20220927, 03:45  #1 
"Jeff Hurchalla"
Aug 2022
Portland OR
4_{16} Posts 
A new factoring library (EPR) for up to 128bit inputs
I wanted to let the forum know about a C++ factoring library called "EPR" that I wrote. I'll hope anyone needing/wanting factoring up to 128 bits will find the library useful.
Maybe we could also talk about <=128 bit factoring. I have a few questions myself on good methods from ~96128 bit. For EPR, here's the basic info: My goal was to make a correct, fast, and easy to use library to factor and primality check all the C and C++ native types and compiler extensions, e.g. uint32_t, uint64_t and __uint128_t. To get a little more speed, the API allows you to specify if you expect the value to factor is a semiprime with two large factors; by default it assumes arbitrary input values. If you're interested in optimizations it uses and the theory behind them, probably the most interesting optimizations for EPR are explained in a blog series on improving Montgomery arithmetic  esp. Part1, regarding a faster REDC alternative by using the positive inverse (thanks to forum member Ernst Mayer for his feedback!). You could also check out the algorithm variations that EPR uses  very often they increase instruction level parallelism to better exploit typical pipelined/superscalar CPUs. As an aside, the dense millerrabin hash tables mentioned in the link could be useful for anyone looking to implement fast millerrabin for <= 64 bit primality checking. The library has thorough testing, and with the exception of ECM I wrote proofs in comments for much of it. Performance is always fun: For less than 32 bits, EPR uses a PollardRhoBrent variant, and even though there are (depending on input) often faster methods like Lehman, it usually won't matter since CPUs have very little challenge at this range. For values > 32 bits and <= 64 bits (i.e. uint64_t), EPR uses the same PollardRhoBrent variant up to around 40 bits, and ECM above that (based off Ben Buhrow's microecm, see next paragraph). In general EPR should be one of the fastest functions available for 3264 bits, and especially standing out at 53 bits to 64 bits. From 65128 bits, EPR uses a 128bit extension of the 64bit ECM function  again this should be quite fast, but at >64bits I haven't compared to other functions. Many thanks to Ben Buhrow for his great original microecm code for ECM. It completely changed my expectations for what would work best ~4564 bits (I'd assumed that was PollardRhoBrent turf). I ported Ben's original microecm C file to C++ and optimized it for ~2x speedup (in part by using the Montgomery classes I wrote for Clockwork), and then extended to 128 bit. Ben and I merged a lot of those changes back into the original microecm, so yafu microecm has a lot of these optimizations, though not absolutely everything  a few things like optimization by using different Montgomery types can't translate easily to the original file's C language since there's no template programming support. On my system I get notably better performance with EPR microecm due to the higher optimizations, but your mileage may vary. Meanwhile Ben added AVX512 support to yafu's microecm, which if you have a large list of numbers to factor, is a big speed up when using up to 52 bits (I believe that's the max range the AVX512 mods can support  I'd guess due to double precision floating point mantissa length). In any event, this is behind the scenes details for EPR, and the normal API doesn't reference any of it. Last fiddled with by hurchalla on 20220927 at 04:30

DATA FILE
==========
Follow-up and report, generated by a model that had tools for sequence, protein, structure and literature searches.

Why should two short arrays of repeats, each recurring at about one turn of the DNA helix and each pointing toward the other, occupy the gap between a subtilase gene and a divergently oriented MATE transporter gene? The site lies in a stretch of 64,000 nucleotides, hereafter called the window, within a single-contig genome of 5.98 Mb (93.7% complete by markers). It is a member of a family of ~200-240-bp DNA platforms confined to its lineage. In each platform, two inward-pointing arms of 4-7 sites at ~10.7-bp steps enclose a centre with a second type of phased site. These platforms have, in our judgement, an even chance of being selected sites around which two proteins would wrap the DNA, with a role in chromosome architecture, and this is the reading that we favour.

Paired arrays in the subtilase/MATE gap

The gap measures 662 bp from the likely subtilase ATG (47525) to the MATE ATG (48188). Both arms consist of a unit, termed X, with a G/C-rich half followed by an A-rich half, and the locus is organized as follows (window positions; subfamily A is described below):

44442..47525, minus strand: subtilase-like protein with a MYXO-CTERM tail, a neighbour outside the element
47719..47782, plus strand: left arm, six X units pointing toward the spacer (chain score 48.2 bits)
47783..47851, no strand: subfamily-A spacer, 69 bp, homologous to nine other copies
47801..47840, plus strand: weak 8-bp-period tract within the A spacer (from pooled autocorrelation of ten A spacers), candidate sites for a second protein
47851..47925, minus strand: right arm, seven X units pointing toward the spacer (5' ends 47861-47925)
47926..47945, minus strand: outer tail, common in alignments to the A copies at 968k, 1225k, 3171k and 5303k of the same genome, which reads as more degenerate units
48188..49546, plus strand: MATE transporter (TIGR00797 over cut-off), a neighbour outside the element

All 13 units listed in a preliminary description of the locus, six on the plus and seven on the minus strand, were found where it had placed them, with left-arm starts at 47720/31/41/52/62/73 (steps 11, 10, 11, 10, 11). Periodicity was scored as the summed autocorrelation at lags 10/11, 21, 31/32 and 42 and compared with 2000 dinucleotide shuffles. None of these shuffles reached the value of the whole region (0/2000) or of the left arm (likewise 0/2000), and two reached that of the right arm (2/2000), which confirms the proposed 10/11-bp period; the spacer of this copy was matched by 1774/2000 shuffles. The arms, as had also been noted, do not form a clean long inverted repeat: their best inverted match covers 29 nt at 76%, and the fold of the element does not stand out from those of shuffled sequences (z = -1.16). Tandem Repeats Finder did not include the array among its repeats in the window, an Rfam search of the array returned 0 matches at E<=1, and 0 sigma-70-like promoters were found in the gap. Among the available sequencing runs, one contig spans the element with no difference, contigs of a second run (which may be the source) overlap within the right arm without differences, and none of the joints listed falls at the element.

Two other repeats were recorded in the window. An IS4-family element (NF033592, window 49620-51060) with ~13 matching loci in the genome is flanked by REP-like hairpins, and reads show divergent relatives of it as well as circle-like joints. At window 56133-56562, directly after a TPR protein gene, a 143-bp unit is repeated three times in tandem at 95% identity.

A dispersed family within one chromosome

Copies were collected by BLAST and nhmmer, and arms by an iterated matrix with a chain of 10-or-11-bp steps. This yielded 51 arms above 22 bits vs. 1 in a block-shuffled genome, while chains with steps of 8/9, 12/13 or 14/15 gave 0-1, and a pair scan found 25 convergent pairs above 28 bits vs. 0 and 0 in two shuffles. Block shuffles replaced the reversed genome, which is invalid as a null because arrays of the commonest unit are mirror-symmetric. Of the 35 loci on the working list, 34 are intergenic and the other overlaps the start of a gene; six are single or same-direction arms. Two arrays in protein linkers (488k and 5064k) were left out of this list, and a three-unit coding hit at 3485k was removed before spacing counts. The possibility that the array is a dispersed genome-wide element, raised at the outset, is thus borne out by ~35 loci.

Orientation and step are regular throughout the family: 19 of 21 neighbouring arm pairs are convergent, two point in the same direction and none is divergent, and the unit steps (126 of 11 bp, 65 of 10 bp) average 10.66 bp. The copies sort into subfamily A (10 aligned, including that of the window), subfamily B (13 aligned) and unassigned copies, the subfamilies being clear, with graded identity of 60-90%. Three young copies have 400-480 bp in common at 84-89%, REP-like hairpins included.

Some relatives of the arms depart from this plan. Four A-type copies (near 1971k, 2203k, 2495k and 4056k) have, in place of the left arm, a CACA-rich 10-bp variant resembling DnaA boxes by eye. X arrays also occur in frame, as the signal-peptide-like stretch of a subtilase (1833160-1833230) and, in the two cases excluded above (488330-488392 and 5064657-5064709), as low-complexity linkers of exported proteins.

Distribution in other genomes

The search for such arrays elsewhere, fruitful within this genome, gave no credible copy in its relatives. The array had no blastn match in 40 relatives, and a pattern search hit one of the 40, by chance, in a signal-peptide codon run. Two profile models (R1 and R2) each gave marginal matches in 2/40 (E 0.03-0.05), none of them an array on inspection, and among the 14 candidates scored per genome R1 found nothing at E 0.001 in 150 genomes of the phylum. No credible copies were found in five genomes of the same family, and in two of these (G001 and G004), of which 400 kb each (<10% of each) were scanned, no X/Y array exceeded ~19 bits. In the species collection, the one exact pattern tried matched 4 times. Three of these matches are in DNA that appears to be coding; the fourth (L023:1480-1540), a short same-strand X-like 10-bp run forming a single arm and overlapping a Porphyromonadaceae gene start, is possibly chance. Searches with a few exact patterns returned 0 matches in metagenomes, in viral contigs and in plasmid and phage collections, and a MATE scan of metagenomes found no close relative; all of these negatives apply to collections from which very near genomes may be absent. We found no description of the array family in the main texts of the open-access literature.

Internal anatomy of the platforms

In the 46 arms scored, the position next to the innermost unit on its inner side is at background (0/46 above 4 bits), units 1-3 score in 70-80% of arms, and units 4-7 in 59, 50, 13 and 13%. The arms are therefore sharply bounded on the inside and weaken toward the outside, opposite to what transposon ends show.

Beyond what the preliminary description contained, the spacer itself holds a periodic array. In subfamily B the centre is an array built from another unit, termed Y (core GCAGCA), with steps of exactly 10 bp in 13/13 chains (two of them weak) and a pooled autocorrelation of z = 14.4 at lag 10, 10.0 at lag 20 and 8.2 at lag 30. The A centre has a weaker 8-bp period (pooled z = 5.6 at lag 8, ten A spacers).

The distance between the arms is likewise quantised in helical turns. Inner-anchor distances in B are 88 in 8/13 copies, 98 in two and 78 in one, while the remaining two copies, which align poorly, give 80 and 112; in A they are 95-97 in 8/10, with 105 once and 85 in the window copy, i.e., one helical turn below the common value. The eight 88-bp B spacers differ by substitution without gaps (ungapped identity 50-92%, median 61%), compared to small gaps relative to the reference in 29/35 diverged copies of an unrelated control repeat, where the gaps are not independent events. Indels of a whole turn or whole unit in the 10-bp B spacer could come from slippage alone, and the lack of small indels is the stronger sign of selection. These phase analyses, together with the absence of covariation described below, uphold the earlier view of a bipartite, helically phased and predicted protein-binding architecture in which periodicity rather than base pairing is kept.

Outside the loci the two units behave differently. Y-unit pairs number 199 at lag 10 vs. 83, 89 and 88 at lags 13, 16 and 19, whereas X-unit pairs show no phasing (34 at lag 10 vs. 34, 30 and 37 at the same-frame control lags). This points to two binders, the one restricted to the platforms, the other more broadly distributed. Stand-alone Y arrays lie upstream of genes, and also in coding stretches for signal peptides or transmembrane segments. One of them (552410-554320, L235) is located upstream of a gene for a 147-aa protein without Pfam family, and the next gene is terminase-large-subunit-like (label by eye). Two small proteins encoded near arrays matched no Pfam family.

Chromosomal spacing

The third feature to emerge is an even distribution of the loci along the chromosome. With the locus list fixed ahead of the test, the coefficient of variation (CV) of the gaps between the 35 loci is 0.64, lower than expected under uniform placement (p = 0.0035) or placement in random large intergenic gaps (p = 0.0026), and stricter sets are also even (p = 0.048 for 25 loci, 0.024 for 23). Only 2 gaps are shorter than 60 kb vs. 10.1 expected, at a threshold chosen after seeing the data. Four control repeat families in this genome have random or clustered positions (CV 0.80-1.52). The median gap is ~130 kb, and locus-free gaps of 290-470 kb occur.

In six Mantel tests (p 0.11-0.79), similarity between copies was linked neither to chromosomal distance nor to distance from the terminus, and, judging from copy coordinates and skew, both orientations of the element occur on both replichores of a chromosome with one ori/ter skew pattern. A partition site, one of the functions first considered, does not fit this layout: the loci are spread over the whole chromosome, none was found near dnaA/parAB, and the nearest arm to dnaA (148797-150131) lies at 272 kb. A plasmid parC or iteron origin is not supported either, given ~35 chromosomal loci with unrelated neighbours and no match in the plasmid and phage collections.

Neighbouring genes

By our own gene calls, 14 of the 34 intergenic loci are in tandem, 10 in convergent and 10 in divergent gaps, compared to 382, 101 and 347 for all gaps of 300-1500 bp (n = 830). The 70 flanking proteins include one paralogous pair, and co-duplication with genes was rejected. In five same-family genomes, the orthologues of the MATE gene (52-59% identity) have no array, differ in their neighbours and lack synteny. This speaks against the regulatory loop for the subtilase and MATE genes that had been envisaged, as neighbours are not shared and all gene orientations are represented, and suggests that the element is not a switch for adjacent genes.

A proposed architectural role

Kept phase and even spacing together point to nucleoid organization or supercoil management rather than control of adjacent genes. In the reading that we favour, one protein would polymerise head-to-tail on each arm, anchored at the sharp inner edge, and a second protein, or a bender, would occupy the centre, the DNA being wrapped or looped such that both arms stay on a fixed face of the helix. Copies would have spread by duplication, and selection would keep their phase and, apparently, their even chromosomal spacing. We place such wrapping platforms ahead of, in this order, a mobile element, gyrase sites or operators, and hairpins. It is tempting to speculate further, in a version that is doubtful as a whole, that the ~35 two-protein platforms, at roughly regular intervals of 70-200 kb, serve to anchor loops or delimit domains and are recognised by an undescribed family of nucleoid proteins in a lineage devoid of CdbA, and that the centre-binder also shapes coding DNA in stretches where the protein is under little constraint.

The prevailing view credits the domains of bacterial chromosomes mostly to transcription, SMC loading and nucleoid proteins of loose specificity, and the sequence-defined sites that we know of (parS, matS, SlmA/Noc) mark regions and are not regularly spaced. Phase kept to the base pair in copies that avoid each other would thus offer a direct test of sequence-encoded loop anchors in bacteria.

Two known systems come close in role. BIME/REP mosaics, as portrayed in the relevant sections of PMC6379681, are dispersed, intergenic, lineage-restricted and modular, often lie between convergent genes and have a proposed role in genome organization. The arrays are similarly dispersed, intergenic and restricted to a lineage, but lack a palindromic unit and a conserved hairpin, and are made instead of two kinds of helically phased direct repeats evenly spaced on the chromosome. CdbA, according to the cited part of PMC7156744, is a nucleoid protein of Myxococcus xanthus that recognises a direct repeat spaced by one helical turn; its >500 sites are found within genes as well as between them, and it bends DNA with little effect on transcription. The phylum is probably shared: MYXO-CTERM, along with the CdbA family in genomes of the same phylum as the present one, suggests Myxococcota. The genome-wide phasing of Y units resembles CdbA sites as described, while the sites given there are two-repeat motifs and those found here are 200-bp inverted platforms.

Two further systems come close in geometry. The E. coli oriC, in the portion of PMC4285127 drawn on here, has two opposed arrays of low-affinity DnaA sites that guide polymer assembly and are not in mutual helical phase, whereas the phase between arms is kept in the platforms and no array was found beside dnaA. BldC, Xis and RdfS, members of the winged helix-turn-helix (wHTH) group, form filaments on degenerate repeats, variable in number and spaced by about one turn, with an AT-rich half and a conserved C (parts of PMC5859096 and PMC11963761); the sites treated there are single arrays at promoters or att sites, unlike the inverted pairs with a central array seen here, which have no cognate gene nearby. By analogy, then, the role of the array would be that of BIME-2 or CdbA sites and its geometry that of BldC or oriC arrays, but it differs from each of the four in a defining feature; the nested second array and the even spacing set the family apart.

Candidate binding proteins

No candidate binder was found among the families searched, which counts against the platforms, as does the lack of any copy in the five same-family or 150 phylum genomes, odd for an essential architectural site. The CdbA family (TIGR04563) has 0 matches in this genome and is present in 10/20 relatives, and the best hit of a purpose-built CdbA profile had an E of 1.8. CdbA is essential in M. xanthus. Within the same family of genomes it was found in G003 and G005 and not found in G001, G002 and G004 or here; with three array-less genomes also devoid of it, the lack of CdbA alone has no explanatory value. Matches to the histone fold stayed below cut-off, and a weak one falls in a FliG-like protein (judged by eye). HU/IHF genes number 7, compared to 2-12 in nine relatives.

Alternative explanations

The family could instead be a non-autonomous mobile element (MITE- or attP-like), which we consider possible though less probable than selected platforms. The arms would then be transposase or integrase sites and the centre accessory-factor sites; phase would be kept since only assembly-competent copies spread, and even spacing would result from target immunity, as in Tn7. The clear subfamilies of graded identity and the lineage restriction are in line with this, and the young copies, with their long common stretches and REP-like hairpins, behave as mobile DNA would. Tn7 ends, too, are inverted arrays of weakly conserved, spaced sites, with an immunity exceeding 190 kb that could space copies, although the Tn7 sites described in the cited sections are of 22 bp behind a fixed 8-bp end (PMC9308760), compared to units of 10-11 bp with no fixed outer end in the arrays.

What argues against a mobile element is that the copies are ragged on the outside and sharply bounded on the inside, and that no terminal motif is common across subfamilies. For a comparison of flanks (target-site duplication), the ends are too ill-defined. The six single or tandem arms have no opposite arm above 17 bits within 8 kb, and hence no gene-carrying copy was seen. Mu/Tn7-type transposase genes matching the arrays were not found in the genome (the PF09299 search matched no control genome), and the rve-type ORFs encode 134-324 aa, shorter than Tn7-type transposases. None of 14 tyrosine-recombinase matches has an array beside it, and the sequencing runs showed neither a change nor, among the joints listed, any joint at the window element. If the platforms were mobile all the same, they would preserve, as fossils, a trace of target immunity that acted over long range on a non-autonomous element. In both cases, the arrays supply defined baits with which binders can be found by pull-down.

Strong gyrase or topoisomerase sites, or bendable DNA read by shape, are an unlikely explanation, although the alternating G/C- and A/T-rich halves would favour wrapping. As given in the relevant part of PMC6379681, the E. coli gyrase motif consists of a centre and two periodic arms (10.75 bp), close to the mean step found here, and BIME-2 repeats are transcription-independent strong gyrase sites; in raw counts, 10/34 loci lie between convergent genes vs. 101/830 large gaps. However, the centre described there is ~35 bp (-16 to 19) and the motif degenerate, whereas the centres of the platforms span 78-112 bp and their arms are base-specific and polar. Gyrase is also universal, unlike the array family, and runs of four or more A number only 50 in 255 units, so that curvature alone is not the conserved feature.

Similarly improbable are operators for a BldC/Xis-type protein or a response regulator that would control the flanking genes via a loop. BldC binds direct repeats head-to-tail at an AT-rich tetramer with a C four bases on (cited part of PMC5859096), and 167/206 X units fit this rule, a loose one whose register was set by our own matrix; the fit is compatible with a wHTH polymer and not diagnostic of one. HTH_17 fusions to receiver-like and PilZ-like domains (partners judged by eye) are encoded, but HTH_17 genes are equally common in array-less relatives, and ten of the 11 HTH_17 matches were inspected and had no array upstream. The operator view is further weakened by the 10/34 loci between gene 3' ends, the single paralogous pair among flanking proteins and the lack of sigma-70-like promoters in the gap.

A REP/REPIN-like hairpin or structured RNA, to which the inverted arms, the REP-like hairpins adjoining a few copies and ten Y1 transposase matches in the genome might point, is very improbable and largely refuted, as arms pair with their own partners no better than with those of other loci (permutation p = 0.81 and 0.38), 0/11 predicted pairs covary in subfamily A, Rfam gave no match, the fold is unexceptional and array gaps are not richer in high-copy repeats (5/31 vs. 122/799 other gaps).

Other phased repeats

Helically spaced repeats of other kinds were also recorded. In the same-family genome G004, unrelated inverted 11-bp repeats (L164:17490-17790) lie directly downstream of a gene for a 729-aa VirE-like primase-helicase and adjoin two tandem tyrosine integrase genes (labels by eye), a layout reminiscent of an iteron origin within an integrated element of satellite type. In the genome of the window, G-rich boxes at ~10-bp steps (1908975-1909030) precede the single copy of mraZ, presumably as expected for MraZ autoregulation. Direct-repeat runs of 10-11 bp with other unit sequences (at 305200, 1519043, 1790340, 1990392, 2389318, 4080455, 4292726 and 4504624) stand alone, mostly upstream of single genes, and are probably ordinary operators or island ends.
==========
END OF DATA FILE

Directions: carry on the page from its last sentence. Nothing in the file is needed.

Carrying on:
20220927, 05:39  #2 
"Jeff Hurchalla"
Aug 2022
Portland OR
2^{2} Posts 
I'll mention that in addition to the normal recommended API, EPR has an alternative way to interface with factoring:
you can use the functions get_single_factor_ecm() and get_single_factor_pollard_rho() from the file include/hurchalla/factoring/detail/experimental/get_single_factor.h. These functions find only a single factor, and they always assume the number they're given is composite (never testing for primality). As you would expect from the function names, you get to choose whether you want to use ECM or PollardRho, regardless of the size of the input. This can be useful for performance testing. For a helpful example in how to use the functions, you can open in the same directory the test_single_factor.* files.